Established in 2002 to support disaster-stricken regions, the European Union Solidarity Fund (EUSF) complements the efforts of public authorities by helping to fund vital emergency and recovery operations in areas affected by catastrophes such as flooding, earthquakes or forest fires. With an annual budget of €500 million, EUSF funding is granted following an application from a Member State or candidate country, and may be used to finance measures including restoring infrastructure to working order ...

Established in 2002 to support disaster-stricken regions, the European Union Solidarity Fund (EUSF) complements the efforts of public authorities by helping to fund vital emergency and recovery operations in areas affected by catastrophes such as flooding, earthquakes or forest fires. With an annual budget of €500 million, EUSF funding is granted following an application from a Member State or candidate country, and may be used to finance measures including restoring infrastructure to working order, providing temporary accommodation or cleaning up disaster areas. Although a revision of the EUSF Regulation took place in 2014, simplifying rules and clarifying eligibility criteria, several problems still remain. European Commission reports on the EUSF have drawn attention to the long waiting time countries still face before receiving EUSF funding, while industry experts also point to the risk that the EUSF could run out of funding in the event of several large disasters taking place within a short space of time. With a number of major natural disasters occurring over the past years, the EUSF has attracted renewed attention, leading the European Commission to put forward new proposals addressing the issue of post-disaster support. Parliament was also actively involved in these discussions, adopting a resolution on the EUSF in December 2016 which included several measures aimed at improving its operations, also calling on Member States to use ESI funds to invest in disaster prevention. Recent developments, such as new rules that allow reconstruction operations to be financed under the European Regional Development Fund and the proposal for a reinforced Civil Protection Mechanism, have helped create greater coherence between the EUSF and other EU measures. Perhaps most importantly, by complementing the work of the EUSF, these measures have the potential to improve the effectiveness of the EU's disaster prevention and response operations. The planned increase in the EUSF budget outlined under the recent MFF proposal can also help contribute to this process by strengthening the EUSF's response capacity, yet these plans will be subject to tough negotiations in the Council and Parliament. The next few months will arguably be of critical importance for ensuring the continued strength of the EU's disaster response capabilities and, in particular, the EUSF's role within this process. This is an updated edition of a Briefing published in January 2017, PE 595.896.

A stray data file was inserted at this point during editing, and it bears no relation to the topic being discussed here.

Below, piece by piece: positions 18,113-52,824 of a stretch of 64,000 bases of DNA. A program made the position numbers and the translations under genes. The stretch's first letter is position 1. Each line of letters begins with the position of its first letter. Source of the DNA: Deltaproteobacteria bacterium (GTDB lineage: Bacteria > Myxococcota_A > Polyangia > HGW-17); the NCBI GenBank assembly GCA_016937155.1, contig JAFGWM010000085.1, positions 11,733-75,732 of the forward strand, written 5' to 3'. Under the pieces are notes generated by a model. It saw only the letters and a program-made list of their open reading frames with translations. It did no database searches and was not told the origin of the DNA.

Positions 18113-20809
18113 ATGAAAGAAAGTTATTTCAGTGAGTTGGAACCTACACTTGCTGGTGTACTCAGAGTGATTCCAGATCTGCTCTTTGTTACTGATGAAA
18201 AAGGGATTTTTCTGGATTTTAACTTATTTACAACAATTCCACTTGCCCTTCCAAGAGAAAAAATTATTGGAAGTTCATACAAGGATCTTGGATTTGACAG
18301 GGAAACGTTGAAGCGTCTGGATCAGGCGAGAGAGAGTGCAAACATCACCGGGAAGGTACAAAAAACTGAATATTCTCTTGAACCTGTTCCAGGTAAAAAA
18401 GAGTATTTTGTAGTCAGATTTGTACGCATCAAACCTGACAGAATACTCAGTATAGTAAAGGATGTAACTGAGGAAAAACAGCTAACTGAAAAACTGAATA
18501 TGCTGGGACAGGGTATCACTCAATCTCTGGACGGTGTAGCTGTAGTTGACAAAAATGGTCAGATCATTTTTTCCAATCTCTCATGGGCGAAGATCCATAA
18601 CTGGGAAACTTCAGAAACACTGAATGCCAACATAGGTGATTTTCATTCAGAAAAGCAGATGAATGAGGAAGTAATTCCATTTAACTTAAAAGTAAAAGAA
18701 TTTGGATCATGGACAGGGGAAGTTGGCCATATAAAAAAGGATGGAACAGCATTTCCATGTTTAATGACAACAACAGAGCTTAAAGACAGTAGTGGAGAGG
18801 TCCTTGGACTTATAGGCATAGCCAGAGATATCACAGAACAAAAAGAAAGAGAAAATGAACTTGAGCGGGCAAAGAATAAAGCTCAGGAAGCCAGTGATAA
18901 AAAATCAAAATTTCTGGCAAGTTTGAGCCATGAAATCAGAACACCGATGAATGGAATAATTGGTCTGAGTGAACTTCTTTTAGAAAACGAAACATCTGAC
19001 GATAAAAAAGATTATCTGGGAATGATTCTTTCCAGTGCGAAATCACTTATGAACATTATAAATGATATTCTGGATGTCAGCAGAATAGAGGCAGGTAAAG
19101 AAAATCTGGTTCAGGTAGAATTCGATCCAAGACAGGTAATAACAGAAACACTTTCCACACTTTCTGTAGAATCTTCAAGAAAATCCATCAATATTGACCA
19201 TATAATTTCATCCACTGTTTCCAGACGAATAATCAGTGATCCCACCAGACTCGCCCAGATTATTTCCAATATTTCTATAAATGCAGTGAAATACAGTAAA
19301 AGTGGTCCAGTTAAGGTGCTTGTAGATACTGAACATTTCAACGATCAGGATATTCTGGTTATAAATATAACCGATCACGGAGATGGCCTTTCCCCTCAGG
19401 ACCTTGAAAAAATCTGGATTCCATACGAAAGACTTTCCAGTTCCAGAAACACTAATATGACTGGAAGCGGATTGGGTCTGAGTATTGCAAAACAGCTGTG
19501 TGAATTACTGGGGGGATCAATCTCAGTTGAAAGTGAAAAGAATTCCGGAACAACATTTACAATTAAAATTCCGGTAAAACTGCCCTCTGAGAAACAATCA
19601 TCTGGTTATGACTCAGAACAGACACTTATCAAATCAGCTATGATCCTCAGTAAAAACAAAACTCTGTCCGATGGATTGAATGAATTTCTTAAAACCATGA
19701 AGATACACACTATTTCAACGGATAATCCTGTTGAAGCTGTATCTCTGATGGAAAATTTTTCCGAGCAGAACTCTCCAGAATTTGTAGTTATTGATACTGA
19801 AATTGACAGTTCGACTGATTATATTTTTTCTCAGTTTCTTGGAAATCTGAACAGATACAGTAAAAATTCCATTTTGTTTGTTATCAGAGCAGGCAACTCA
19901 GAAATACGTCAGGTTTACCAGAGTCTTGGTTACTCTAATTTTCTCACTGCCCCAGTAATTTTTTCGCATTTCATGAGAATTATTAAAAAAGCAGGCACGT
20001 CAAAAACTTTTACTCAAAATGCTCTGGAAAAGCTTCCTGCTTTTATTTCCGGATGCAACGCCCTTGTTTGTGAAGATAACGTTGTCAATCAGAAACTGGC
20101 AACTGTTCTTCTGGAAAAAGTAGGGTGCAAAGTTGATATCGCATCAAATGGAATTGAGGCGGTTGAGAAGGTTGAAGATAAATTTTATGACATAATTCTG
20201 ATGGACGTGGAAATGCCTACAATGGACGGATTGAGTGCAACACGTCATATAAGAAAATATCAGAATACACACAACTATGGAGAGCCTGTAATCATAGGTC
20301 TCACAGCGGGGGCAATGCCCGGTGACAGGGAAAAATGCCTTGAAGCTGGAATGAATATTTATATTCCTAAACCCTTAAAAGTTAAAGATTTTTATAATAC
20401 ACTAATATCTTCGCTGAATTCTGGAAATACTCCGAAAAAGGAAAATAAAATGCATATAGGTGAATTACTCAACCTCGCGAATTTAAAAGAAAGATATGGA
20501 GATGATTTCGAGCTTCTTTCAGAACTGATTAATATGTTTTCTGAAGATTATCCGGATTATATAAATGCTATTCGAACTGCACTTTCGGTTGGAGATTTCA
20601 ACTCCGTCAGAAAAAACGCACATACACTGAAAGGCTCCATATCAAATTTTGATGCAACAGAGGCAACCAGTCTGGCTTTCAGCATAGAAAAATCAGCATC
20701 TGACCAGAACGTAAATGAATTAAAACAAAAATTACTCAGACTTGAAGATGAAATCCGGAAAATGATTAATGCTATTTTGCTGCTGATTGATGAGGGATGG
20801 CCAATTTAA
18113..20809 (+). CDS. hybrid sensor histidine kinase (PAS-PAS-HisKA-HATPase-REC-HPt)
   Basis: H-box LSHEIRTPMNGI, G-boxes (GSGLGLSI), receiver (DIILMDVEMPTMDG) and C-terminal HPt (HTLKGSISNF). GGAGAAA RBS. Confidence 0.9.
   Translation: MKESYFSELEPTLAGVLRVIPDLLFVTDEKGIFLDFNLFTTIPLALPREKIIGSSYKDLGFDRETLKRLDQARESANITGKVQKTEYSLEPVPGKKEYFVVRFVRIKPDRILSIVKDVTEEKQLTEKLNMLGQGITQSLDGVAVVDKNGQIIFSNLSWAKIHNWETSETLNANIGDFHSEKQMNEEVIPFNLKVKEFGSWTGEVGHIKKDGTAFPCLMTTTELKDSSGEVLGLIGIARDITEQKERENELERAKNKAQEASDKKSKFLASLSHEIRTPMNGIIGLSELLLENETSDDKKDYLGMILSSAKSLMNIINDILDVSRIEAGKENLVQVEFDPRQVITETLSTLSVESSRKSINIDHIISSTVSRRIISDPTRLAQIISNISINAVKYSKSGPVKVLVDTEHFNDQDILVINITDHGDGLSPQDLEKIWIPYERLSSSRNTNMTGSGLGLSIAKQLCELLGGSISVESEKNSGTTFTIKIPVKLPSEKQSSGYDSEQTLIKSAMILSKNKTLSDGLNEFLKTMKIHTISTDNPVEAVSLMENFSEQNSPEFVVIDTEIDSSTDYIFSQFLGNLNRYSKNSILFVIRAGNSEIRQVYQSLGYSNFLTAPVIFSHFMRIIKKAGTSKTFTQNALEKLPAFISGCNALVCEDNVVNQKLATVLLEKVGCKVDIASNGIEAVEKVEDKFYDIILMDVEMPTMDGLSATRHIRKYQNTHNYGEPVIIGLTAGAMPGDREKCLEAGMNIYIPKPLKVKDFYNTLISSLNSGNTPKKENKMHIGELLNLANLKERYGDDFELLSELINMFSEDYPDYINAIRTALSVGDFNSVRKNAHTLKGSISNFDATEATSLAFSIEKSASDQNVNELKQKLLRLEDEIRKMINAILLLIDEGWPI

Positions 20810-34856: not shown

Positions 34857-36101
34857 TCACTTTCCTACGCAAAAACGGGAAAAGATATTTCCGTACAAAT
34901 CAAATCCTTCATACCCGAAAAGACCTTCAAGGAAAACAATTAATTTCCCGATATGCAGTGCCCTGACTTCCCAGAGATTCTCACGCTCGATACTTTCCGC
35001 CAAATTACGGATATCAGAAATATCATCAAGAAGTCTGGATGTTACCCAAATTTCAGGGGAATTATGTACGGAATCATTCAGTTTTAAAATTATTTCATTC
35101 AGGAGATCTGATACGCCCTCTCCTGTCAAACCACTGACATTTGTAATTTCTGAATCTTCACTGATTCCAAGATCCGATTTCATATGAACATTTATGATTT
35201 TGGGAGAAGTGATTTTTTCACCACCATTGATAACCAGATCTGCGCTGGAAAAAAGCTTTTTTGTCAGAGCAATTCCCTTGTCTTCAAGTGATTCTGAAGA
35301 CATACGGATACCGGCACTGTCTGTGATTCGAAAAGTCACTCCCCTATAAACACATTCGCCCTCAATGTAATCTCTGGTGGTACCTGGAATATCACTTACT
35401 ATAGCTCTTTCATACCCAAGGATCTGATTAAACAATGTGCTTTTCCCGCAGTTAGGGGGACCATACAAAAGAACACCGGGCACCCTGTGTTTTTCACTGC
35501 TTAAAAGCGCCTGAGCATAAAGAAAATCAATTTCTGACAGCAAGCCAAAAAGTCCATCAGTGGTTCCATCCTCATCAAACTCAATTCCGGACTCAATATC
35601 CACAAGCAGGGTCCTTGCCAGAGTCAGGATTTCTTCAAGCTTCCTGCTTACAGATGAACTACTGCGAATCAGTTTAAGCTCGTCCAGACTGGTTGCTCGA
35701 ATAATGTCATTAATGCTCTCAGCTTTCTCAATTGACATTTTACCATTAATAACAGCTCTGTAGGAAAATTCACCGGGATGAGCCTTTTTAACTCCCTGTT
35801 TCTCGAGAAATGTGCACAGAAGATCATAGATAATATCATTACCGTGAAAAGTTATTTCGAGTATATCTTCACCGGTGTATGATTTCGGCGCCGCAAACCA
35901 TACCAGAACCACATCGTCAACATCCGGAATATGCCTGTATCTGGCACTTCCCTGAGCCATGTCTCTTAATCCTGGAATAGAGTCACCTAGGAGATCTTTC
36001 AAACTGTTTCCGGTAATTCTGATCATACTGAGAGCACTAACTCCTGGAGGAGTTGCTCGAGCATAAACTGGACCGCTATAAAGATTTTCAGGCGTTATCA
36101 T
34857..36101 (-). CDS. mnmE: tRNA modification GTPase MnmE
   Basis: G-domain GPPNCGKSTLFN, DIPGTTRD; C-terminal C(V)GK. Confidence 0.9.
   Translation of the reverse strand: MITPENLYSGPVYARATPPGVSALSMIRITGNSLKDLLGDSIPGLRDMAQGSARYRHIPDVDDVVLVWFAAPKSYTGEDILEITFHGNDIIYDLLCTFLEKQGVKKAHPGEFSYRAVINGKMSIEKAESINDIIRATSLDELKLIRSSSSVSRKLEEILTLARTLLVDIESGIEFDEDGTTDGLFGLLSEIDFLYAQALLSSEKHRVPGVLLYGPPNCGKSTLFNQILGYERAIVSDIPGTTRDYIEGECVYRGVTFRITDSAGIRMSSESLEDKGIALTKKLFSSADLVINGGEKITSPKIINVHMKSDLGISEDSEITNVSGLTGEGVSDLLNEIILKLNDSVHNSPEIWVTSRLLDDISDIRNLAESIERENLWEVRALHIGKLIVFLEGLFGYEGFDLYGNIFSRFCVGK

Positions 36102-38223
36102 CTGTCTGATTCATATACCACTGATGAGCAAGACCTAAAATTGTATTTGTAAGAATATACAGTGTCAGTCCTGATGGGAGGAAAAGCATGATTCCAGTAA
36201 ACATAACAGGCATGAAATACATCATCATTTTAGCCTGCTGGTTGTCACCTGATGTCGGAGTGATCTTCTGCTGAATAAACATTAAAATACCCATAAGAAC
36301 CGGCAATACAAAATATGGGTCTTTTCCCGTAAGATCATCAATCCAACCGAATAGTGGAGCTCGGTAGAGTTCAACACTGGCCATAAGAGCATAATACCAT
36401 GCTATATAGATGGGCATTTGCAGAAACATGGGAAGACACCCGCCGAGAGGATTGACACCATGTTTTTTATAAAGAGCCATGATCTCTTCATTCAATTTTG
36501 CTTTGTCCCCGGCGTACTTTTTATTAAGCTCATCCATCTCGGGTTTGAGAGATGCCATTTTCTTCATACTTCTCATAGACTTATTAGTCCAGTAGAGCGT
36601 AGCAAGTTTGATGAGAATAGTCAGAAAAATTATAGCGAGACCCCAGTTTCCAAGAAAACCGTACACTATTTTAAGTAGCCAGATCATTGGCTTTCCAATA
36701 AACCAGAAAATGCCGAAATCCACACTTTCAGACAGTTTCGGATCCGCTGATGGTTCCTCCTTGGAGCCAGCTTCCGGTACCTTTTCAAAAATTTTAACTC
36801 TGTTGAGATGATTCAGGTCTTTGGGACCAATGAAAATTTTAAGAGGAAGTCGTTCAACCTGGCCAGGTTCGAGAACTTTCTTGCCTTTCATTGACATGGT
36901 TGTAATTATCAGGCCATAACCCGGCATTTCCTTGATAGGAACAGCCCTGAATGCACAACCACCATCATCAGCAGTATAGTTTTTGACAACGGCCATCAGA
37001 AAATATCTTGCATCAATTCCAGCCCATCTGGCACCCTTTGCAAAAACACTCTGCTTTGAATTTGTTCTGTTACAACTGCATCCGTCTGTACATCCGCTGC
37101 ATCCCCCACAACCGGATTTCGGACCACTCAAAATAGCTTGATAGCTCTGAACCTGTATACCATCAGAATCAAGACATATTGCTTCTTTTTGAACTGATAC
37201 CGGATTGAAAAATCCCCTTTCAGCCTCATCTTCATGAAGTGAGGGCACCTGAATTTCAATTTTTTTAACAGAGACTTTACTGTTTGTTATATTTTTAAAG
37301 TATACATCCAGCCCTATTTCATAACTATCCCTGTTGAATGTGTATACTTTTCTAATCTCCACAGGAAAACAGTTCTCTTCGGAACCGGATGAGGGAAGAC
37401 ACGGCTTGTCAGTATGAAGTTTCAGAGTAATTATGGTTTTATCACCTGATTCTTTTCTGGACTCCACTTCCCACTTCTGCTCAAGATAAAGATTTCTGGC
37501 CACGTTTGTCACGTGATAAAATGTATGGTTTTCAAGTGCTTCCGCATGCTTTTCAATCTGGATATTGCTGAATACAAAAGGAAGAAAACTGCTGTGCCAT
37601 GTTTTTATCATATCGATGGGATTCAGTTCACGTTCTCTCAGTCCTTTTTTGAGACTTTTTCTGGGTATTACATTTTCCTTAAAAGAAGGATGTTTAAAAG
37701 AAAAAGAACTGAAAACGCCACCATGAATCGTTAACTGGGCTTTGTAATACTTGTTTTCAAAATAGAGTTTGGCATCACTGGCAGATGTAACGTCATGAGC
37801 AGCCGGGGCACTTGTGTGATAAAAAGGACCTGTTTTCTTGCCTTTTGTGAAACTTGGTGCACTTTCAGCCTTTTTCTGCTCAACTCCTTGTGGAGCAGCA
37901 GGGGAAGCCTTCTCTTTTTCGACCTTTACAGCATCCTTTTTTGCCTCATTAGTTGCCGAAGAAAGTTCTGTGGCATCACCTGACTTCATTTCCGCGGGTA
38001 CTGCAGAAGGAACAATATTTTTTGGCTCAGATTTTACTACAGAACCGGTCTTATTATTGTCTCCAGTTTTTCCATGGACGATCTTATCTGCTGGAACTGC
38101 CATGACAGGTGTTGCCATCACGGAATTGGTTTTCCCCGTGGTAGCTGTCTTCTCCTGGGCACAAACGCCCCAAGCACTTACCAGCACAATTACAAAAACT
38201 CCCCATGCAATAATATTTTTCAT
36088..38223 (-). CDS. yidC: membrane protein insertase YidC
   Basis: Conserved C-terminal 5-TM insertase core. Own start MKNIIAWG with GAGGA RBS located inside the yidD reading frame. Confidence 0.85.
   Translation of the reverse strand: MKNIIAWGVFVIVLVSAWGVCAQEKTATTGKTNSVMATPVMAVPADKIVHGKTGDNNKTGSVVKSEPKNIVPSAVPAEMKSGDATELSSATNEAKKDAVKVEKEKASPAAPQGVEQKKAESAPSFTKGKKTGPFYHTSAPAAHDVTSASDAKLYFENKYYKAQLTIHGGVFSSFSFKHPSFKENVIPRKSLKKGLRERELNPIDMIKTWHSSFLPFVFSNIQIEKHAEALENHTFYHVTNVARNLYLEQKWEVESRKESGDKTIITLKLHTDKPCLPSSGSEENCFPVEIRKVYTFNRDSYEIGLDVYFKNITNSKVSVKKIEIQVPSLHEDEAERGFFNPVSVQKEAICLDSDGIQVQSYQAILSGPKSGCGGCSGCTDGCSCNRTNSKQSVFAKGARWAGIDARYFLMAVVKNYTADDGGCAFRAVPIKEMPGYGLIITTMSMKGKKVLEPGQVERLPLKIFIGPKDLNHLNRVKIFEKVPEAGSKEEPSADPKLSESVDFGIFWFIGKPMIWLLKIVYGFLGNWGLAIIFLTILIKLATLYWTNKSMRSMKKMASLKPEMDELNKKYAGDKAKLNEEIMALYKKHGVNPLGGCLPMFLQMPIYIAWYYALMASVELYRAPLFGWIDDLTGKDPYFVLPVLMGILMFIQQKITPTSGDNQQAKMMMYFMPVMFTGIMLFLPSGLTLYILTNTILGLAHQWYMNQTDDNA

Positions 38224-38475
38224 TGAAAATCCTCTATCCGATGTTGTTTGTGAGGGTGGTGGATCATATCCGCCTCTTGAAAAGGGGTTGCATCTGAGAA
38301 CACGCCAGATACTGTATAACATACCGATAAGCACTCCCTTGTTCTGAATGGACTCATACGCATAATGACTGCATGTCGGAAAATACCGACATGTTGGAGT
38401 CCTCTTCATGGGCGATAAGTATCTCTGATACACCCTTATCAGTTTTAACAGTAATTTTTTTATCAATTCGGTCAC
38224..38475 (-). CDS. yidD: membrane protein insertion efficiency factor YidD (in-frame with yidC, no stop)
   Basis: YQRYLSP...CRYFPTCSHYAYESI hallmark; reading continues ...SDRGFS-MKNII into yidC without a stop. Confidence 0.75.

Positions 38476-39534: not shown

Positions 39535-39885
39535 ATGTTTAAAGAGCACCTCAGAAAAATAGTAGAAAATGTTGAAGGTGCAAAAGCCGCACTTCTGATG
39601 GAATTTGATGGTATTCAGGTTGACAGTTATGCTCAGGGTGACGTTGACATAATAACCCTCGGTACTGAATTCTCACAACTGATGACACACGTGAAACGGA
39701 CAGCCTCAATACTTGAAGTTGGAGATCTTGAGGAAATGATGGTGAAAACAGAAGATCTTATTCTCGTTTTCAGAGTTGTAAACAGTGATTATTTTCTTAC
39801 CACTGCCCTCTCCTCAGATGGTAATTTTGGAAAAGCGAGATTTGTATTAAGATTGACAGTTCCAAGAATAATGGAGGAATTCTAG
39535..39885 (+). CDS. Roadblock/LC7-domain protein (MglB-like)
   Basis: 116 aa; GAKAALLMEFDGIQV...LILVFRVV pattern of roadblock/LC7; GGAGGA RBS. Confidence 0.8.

Major sporting events versus human rights: Parliament's position on the 1978 FIFA World Cup in Argentina and the 1980 Moscow Olympics

13-06-2018

Major sports events and politics are closely intertwined. Well-known historical examples of major sporting events that were used by regimes for political propaganda purposes are the 1978 FIFA World Cup in Argentina and the 1980 Summer Olympic Games in Moscow. The 1978 World Cup took place around two years after the Argentinian military regime's right-wing coup and its violent repression of critics, and was then the most political World Cup in the history of the International Federation of Association ...